The transmission took place from 4:00 to 4:30 a.m. The adviser originally referred to the rebel action as an exploratory “probe.”
- COMMANDER TWO ZERO, THIS IS ROTELO. GO AHEAD, OVER.
- AS YOU KNOW, WE ARE BEING PROBED, WE ARE BEING PROBED, WE ARE ALSO RECEIVING RAMPAS, OVER.
- … ALL WE GOT IS …THEY’RE …THE 22 DEFENSIVE POSITIONS … AT THIS TIME IT IS JUST PROBING FIRE … THEY FIRED A COUPLE OF R. P. SEVENS [rocket propelled grenades], BUT THAT’S ABOUT IT, OVER.
- YOU ARE…YOU’VE GOT APPROXIMATELY THE SIZE OF THE FORCE DOING THE PROBING? OVER.
- SAY AGAIN…UH… REAL QUICK… UH…
- HOW MANY PEOPLE YOU THINK ARE DOING THE PROBE? OVER.
- RIGHT NOW I ESTIMATE FOUR TO FIVE. THEY MIGHT BE THE … THEY MAY BE THE … UH… FRONT ELEMENT OF A BIGGER UNIT WITH RAMPAS, BUT I’M NOT SURE RIGHT NOW…THEY’RE COMING AGAIN. WE ARE GETTING RAMPAS, OVER.
- HELLOW, THIS IS COMMANDO TWO ZERO.
- COMMANDO TWO ZERO, RETELO, GO AHEAD, OVER.
- YEAH, THE PROBE HAS TURNED INTO A… AN ATTACK FROM THE NORTHEAST. WE GOT, AH… THREE WOUNDED ALREADY, WE HAVE ONE BLINDADO [armor-plated assault vehicle] IN AMBUSH… AND WE GOT ONE KID – HE’S IN PRETTY BAD SHAPE. HE’S PROBABLY GOING TO GO AWAY. AND WE HAVE TWO OTHER WOUNDED, OVER.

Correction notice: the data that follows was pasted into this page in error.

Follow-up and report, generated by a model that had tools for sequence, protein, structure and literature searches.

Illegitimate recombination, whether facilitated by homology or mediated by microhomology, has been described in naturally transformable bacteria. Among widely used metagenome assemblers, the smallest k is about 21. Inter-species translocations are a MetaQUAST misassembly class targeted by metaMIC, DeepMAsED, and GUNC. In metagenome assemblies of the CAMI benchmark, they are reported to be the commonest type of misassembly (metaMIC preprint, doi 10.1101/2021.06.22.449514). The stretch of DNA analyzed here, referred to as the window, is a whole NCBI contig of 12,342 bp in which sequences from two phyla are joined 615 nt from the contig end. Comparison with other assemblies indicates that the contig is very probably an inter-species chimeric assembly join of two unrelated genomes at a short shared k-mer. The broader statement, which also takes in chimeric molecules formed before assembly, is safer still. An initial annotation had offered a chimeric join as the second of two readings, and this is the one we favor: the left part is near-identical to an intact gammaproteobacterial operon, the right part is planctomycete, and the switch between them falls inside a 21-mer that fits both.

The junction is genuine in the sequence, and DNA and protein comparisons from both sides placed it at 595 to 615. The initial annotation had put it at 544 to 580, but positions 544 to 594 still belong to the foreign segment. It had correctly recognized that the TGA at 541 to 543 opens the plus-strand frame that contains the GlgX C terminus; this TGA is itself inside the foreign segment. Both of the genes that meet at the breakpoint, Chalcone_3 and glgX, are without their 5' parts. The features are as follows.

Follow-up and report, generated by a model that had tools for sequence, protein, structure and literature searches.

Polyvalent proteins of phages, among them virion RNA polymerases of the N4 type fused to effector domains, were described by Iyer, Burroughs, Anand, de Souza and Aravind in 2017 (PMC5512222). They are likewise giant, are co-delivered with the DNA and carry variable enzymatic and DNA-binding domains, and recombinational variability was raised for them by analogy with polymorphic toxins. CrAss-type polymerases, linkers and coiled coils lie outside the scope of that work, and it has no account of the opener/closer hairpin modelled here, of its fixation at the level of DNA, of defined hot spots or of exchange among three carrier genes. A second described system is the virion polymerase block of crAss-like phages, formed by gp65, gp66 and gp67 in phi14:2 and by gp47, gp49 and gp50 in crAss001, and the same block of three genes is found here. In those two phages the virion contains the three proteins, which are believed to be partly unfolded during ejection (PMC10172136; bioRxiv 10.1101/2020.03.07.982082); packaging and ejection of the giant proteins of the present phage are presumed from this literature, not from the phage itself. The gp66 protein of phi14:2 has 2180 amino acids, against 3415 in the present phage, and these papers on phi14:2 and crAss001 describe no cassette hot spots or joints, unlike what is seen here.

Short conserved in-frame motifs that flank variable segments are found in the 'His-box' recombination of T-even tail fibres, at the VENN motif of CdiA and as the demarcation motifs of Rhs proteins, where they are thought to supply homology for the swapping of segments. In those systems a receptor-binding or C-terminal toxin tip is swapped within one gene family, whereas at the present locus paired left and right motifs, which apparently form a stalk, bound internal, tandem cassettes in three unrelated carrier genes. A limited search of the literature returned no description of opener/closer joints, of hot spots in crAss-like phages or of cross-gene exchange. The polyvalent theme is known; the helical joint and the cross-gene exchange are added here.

Later that day, a Salvadoran military officer at the scene said that four soldiers were killed and another 13 were wounded. A Salvadoran army major was among the dead. It appears that the U.S. adviser suffered no injury.
- THIS IS COMMANDER TWO ZERO, OVER.
- ROGER, AH… CAN YOU AH… GIVE US THE DIRECTION WHICH YOU THINK THAT THEY…AH…ARE RETREATING TO, OVER?
- THERE IS A…THERE IS A… A CREEK, A CREEK AND THAT’S THE WAY…I DON’T KNOW EXACTLY WHICH WAY THEY ARE GOING…BUT THEY ARE PROBABLY GOING NORTH. THERE IS PROBABLY A GROUP GOING NORTH AND ONE GROUP GOING SOUTH. THERE IS ALSO AN ELEMENT SOUTHWEST FROM HERE THAT AMBUSED A VEHICLE. WE GOT THOSE PEOPLE HERE. WE ALSO GOT PEOPLE THAT THE LEFT THE PERIMETER. SO…AND WE GOT AMBUSGED COORDINATD TO GET THEM ON THE WITHDRAWAL, OVER.